peakperformance

By: Beverley smith

July 20,2014(ISN) – Who knew that an elevator ride could have such far-reaching consequences for a figure skating coach?

Brian Orser walked into an elevator in his condo building one day about three years ago, and emerged as a future developer of a skating “app.” Never mind that he’s not on Facebook and has never tweeted in his life. His app is now called Peak Performance Skating, all in aid of helping athletes on blades get by those rough mental bits, like relaxing enough to fall asleep, or finding the energy and the perfect mental picture for success.

Ben Ferreira, who won the hearts of a country with the skate of his life at the 2004 Canadian championships, when he landed a quad-triple in the short, and seven triples plus a quad in the long to take the silver medal, loves the tech world too, but never saw himself as a developer of an app. Now he, too, has his hands on the latest technology, all in aid of teaching skaters to wrestle that jump, single or triple.

Not to mention former pair skater, now businessman Craig Buntin, also developing a fascinating app from his perch in Quebec. More on that later.
It seems as if Canadian skaters have a grasp of this world of iPhones and iPads and iPods and Androids and getting vital information with the brush of a fingerprint on a digital device. And they all seem to be ahead of the curve, not only trail blazers in the world of figure skating but also in digital contexts.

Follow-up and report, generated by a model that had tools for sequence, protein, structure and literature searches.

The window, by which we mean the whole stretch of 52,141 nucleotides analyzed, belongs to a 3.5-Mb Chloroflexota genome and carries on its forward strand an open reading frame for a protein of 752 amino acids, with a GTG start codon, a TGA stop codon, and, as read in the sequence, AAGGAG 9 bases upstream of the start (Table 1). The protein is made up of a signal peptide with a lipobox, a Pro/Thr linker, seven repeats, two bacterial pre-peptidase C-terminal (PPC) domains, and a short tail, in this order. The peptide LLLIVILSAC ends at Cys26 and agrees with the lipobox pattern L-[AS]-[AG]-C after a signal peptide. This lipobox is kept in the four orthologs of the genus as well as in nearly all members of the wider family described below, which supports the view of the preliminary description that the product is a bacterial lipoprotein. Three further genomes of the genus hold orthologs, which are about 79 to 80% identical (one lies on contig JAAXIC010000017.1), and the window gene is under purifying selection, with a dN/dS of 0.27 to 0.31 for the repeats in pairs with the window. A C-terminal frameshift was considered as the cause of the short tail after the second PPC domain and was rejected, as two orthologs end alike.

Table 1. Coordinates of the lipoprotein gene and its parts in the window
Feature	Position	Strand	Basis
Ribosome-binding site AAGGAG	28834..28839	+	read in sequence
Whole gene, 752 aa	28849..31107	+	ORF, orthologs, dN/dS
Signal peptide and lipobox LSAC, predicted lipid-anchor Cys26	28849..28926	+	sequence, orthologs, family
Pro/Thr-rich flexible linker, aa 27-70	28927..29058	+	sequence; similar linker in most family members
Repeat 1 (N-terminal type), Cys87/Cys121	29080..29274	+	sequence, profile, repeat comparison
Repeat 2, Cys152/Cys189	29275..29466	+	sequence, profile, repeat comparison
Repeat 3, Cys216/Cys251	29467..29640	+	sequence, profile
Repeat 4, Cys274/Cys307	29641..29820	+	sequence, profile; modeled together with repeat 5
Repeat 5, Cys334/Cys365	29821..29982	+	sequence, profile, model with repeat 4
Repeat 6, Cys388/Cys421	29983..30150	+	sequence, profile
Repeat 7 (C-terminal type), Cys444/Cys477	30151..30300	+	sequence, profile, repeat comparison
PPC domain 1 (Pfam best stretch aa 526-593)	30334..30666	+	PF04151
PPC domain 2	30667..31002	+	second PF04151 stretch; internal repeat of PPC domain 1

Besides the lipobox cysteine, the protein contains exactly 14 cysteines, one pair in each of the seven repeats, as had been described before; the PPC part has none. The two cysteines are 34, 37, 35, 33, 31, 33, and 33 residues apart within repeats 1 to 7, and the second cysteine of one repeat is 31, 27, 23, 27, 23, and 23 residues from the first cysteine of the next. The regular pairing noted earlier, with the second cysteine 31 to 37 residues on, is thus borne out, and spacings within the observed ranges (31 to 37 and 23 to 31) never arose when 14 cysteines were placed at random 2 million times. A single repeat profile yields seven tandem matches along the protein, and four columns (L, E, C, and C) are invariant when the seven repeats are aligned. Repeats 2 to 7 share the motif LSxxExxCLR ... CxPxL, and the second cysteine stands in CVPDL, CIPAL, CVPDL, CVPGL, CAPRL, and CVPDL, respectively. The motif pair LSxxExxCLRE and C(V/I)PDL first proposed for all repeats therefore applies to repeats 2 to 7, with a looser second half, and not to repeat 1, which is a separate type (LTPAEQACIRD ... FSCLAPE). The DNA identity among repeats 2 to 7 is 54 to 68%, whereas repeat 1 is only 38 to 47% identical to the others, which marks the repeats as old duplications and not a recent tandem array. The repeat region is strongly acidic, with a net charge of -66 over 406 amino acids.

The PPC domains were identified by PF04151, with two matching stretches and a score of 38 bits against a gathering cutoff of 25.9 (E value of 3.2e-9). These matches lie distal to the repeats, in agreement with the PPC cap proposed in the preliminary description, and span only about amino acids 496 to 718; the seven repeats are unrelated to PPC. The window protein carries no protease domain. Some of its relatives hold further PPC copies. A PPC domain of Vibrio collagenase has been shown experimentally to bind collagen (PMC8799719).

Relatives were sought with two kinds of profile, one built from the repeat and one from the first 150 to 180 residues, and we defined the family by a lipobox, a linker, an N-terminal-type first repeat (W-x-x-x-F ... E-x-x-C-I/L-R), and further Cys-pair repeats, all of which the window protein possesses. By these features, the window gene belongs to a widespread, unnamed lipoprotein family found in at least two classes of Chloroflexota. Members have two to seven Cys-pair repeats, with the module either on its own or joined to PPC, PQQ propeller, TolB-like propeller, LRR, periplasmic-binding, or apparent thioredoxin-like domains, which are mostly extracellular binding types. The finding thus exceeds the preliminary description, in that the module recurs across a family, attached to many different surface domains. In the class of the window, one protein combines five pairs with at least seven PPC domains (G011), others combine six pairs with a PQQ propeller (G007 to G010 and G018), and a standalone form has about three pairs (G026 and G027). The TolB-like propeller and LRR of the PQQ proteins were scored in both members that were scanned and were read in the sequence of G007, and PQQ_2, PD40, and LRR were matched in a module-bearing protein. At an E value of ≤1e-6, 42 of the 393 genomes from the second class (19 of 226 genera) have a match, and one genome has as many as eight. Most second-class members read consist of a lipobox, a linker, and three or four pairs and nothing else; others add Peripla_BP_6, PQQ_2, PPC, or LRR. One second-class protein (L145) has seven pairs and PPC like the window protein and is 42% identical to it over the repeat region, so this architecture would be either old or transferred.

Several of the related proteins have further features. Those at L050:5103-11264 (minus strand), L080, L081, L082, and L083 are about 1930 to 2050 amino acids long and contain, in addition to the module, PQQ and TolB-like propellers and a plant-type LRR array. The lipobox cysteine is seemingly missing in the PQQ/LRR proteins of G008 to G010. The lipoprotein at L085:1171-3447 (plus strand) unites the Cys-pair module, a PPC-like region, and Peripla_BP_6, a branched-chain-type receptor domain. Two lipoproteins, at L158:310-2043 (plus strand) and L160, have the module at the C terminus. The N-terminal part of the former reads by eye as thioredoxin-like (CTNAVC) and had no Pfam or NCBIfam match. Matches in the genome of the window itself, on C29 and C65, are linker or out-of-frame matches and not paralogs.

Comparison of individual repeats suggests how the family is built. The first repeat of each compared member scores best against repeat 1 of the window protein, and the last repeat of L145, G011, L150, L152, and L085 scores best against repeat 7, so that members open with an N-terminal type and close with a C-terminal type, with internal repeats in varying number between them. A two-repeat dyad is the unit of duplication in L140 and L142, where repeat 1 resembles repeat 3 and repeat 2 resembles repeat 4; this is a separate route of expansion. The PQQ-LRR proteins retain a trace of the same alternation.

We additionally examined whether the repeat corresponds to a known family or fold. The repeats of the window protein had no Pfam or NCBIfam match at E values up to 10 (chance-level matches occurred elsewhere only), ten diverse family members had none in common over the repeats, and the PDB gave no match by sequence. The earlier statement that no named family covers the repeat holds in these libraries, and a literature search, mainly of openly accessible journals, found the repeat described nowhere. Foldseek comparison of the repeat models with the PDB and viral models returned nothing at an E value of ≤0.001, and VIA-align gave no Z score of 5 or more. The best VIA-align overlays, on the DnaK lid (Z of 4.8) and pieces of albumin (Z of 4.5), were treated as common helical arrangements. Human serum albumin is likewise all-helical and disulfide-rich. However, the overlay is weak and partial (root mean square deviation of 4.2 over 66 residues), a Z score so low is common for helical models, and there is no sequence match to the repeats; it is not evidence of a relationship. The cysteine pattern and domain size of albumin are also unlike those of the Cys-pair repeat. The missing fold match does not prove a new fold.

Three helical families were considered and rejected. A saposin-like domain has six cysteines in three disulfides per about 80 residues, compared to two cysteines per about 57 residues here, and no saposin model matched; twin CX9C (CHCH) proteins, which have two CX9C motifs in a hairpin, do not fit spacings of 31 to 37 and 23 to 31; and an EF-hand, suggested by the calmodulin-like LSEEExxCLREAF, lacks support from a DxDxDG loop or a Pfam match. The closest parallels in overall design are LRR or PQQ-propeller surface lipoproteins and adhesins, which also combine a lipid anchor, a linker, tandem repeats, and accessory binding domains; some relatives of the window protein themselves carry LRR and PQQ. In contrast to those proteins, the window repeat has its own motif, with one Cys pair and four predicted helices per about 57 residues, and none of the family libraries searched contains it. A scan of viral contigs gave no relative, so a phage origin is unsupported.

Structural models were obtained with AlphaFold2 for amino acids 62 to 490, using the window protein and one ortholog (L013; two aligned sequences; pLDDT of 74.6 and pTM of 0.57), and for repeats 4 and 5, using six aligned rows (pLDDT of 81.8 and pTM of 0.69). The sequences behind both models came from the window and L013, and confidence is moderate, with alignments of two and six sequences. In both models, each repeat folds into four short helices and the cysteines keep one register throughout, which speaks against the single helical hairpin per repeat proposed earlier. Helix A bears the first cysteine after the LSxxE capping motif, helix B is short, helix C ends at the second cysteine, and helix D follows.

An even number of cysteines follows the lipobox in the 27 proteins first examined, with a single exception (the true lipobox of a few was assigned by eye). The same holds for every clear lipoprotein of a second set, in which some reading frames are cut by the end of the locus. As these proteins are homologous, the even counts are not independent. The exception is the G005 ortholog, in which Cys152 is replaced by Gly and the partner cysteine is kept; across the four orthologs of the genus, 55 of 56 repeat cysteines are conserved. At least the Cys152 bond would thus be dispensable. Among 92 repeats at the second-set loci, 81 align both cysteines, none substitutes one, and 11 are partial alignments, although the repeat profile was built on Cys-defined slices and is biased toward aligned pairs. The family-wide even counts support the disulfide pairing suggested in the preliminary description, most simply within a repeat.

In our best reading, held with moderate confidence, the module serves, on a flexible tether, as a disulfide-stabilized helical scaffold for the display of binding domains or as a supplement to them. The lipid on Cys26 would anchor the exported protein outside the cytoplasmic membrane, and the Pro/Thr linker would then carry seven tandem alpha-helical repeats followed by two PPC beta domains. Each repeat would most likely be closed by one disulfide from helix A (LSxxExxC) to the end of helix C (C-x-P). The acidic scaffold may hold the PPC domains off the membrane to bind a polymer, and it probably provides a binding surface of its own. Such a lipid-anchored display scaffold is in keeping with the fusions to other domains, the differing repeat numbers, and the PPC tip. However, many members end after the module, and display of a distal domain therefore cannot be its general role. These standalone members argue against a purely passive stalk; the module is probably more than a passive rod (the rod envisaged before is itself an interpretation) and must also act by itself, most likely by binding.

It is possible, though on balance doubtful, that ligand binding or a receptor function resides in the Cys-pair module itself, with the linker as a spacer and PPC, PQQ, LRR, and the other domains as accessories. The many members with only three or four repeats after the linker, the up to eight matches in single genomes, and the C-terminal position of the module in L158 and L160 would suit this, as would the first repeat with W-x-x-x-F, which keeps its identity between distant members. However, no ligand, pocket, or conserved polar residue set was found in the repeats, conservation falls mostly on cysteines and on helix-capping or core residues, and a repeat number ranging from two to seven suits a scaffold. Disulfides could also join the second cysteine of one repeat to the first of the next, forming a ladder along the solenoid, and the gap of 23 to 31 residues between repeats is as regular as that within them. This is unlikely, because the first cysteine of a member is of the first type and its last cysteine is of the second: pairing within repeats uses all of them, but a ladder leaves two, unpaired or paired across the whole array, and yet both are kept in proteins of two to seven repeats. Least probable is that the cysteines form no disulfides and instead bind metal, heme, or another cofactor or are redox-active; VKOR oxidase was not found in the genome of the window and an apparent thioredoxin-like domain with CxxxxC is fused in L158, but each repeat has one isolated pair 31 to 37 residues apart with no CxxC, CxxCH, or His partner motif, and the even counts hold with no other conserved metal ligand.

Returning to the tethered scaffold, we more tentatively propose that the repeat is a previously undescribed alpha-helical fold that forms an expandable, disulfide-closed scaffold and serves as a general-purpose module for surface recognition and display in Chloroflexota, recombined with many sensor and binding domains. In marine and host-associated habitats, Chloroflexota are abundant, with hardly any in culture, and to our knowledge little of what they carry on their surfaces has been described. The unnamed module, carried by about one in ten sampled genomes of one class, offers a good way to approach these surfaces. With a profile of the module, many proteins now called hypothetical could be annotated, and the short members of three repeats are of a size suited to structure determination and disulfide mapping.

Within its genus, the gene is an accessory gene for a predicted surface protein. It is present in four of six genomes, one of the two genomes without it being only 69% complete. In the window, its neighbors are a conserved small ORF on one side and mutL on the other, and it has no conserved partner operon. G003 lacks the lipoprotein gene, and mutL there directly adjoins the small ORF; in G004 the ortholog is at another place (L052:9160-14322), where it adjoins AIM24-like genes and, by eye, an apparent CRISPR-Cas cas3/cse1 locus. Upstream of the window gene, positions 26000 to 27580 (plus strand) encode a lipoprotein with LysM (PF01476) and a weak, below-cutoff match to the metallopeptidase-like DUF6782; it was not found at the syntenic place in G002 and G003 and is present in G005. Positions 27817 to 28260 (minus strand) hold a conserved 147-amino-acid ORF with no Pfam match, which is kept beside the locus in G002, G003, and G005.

For Orser, the timing was perfect. The stars were aligned when he stepped into that elevator and met Asad Mecci, a hypnotist/motivational coach who knew who Orser was (but not vice versa.)

Mecci had been involved in mental training, visualization and meditation for more than 10 years and had worked with members of India’s junior national tennis team on mental strength and imagery. He had an idea to develop apps to help athletes in other sports with mental training.
The timing was perfect. “It was something I was looking for,” Orser said. He knew it was important, from his own experiences. He hadn’t had to worry about it much with Yuna Kim, blessed with all sorts of mental strength, he said. “I’m sure at night she visualized,” he said. “A lot of kids don’t.”